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Department of International Trade

The Department for International Trade (DIT) has published its outcomes plan for 2021-22 and stated its ambition to become the leading trade and investment outfit in the world.

Stressing the opportunities available as an independent trading nation to drive forward an exports-led economic recovery, the DIT has outlined four main objectives for the year ahead.

1. Free Trade Agreements

The DIT is aiming to secure world-class free trade agreements and reduce market access barriers, to the benefit of consumers and businesses, it said in a statement launching the plan.

As well as a recent agreement in principle with Australia, negotiations are underway with New Zealand and the US.

The UK has also signalled an increased focus on the Indo-Pacific region by applying for membership of the Comprehensive and Progressive Agreement for Trans-Pacific Partnership (CPTPP), as previously reported in the IOE&IT Daily Update.

Existing FTAs with Canada and Mexico will be expanded, and negotiations for a new Digital Economy Agreement with Singapore will aim to support accession to the CPTPP.

2. Spread economic growth

The strategy targets delivering economic growth to all the nations and regions of the UK by attracting and retaining inward investment.

A new Investment Strategy, via the new Office for Investment, will aim to secure investment for the untapped potential outside of, but also including, the South East.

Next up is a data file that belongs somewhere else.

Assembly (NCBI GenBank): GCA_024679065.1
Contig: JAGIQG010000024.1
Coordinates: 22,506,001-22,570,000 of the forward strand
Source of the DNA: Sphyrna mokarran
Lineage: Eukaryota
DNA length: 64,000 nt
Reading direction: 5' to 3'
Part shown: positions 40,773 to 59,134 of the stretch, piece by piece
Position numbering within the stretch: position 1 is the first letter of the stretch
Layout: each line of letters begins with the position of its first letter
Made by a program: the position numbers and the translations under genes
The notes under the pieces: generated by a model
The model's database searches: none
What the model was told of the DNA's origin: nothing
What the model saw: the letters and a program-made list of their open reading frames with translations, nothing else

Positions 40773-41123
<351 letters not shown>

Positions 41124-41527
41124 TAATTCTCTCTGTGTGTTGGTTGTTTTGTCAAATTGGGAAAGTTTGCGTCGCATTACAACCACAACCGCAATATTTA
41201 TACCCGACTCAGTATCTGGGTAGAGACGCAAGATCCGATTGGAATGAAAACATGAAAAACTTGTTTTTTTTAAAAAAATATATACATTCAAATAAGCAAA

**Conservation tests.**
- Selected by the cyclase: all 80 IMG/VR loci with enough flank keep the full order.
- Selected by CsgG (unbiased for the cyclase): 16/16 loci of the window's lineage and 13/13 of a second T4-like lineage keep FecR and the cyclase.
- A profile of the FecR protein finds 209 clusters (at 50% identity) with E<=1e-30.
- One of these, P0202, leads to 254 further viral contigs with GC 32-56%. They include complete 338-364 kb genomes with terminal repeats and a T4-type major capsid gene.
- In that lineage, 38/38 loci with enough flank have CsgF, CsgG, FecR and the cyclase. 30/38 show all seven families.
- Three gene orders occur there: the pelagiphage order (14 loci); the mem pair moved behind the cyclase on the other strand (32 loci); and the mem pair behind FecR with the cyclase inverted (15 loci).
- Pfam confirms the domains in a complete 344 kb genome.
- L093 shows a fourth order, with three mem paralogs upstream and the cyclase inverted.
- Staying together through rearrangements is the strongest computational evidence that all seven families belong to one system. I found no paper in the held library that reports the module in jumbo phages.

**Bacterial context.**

3. Trade opportunities

UK businesses will be supported to take full advantage of trade opportunities, including those arising from FTAs.

DIT is contributing to the cross-government ‘Build Back Better’ plan for growth with a refreshed export strategy.

A new integrated and enhanced export promotion campaign focuses on priority sectors, including food and drink, financial and professional services, creative industries, education, tech and digital, consumer goods and clean growth.

It will be supported through the prime minister’s trade envoys, HMTCs, export champions, and business facing advisors.

4. Rules-based trading

The UK will champion the rules-based international trading system and protect UK businesses from unfair trade practices.

The ongoing UK presidency of the G7 will be utilised to make the case for free and fair trade. The UK also has ownership of the G7 trade track and relationships within the G20 and WTO to make its case.

US talks

The new plan comes following a successful trip by the department’s head, Liz Truss, to the US last week.

The DIT has reported that Truss concluded a successful meeting with US Trade Representative Katherine Tai.

Following the deal to agree a five-year suspension of tariffs over the Airbus-Boeing dispute, the trade ministers agreed that this was a platform for working together to address other shared challenges.

It was agreed that the UK and US should not lead to a race to the bottom on standards and they committed to tackling threats to free and fair trade, including combating market-distorting practices such as industrial subsidies and steel overcapacity.

Both recognised that the UK and US have an interest in reviving industries, building resilience to withstand future crises, and strengthening innovation and competitiveness together.